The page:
The Season

It has been a long, hard, heavy Advent season for me this year; a season that has left my soul and my spirit with a definite limp.  I cannot remember a time when I have been so aware of my flaws and my failures, my frailty and my feebleness, my inadequacy and my brokenness, my vulnerability and my sin.  It has not been fun, but it has been transforming.  God’s Spirit has been incredibly active and wonderfully present within me: speaking and showing, revealing and stirring, growing and forming, molding and changing me more into the man he dreamt me to be.  And while it hasn’t been easy or pleasant, it has been beautiful.  God did what God does—he showed up in the midst of my mess.  The highlight of which was a dream I had a couple of weeks ago. 

                                                            The Dream

I was in a home.  A warm and comfortable home that was very familiar to me, but not my own.  In this home lived a family: a father, a son, and a daughter.  They were very familiar to me as well, and I felt welcomed there, peaceful and safe and loved.  As I walked around in the house, I noticed a stairwell leading up to the door of an attic room.  I wondered what was up there but passed by and continued to walk around.  Eventually, I passed the stairwell again and stopped to gaze up at the door at the top of the stairs.  A desire arose deep within me to know what was behind that door, almost like it was offering me some kind of secret invitation.  So, I decided to venture up the steps and see what was there.  As I ascended the staircase, I noticed the daughter behind me, at the bottom of the stairs, smiling.  I turned and asked her what was behind the door and if it was her room, but she just kept smiling.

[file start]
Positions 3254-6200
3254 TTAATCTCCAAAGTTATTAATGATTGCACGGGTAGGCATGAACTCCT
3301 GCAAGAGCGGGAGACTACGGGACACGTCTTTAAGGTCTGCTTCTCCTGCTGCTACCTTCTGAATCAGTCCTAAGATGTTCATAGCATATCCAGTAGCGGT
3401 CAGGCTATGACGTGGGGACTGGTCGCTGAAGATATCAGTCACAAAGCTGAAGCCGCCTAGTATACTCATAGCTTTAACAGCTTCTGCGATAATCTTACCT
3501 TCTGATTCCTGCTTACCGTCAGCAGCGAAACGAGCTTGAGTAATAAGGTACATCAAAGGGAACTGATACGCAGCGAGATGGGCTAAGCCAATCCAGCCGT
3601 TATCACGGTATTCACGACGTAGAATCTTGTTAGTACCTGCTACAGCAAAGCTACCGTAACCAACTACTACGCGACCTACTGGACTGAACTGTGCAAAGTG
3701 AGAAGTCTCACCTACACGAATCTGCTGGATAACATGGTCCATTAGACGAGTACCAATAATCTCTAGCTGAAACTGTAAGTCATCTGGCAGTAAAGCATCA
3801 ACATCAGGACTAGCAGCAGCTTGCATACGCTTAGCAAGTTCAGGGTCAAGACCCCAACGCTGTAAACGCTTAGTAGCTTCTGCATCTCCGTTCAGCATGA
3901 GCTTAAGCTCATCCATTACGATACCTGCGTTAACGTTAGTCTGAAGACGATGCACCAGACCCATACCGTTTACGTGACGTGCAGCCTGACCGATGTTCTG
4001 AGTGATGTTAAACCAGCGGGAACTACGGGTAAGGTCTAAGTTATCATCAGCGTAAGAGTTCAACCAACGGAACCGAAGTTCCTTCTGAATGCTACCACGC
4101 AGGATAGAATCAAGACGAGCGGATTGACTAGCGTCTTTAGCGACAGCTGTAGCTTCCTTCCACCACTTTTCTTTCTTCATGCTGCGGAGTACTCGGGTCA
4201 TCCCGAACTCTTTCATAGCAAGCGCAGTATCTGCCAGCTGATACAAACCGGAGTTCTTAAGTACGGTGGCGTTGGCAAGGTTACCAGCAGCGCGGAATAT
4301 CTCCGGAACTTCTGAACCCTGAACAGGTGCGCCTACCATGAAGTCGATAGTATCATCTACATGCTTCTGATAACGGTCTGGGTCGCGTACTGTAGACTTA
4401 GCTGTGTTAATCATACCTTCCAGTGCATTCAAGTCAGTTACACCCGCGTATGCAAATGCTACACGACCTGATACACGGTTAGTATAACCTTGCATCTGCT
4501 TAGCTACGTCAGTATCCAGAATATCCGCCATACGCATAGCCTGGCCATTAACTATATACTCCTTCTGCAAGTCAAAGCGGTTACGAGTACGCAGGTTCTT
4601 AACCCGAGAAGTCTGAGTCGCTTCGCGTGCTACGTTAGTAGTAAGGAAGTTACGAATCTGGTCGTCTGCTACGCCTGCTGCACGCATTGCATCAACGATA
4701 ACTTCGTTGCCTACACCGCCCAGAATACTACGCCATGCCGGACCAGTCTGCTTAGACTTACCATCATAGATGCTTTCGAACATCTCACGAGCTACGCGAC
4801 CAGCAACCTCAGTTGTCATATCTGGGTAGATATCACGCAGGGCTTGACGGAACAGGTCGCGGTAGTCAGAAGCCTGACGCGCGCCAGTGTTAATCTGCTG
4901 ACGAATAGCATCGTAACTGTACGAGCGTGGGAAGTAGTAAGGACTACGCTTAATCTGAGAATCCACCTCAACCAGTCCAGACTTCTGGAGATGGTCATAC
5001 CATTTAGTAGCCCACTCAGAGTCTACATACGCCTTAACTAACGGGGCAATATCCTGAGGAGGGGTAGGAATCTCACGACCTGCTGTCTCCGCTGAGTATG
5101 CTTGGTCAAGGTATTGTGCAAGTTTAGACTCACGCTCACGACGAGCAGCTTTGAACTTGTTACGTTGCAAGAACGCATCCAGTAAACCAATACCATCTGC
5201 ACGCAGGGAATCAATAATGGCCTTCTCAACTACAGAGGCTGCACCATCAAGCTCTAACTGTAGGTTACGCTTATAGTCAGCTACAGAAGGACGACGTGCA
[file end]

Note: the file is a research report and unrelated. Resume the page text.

I opened the door and stepped into the most beautiful room I had ever seen.  There was a fire in the fireplace, a beautiful sitting area, and even a prayer space with candles, kneelers, and a wooden cross at the center.  The walls were lined with bookcases full of books that were just begging to be read.  The room was so bright and so spacious, with big windows and a high ceiling, so that light came streaming in from every direction.  And as I walked around and took in the beauty, I said to myself, “This is the most perfect room I’ve ever seen.”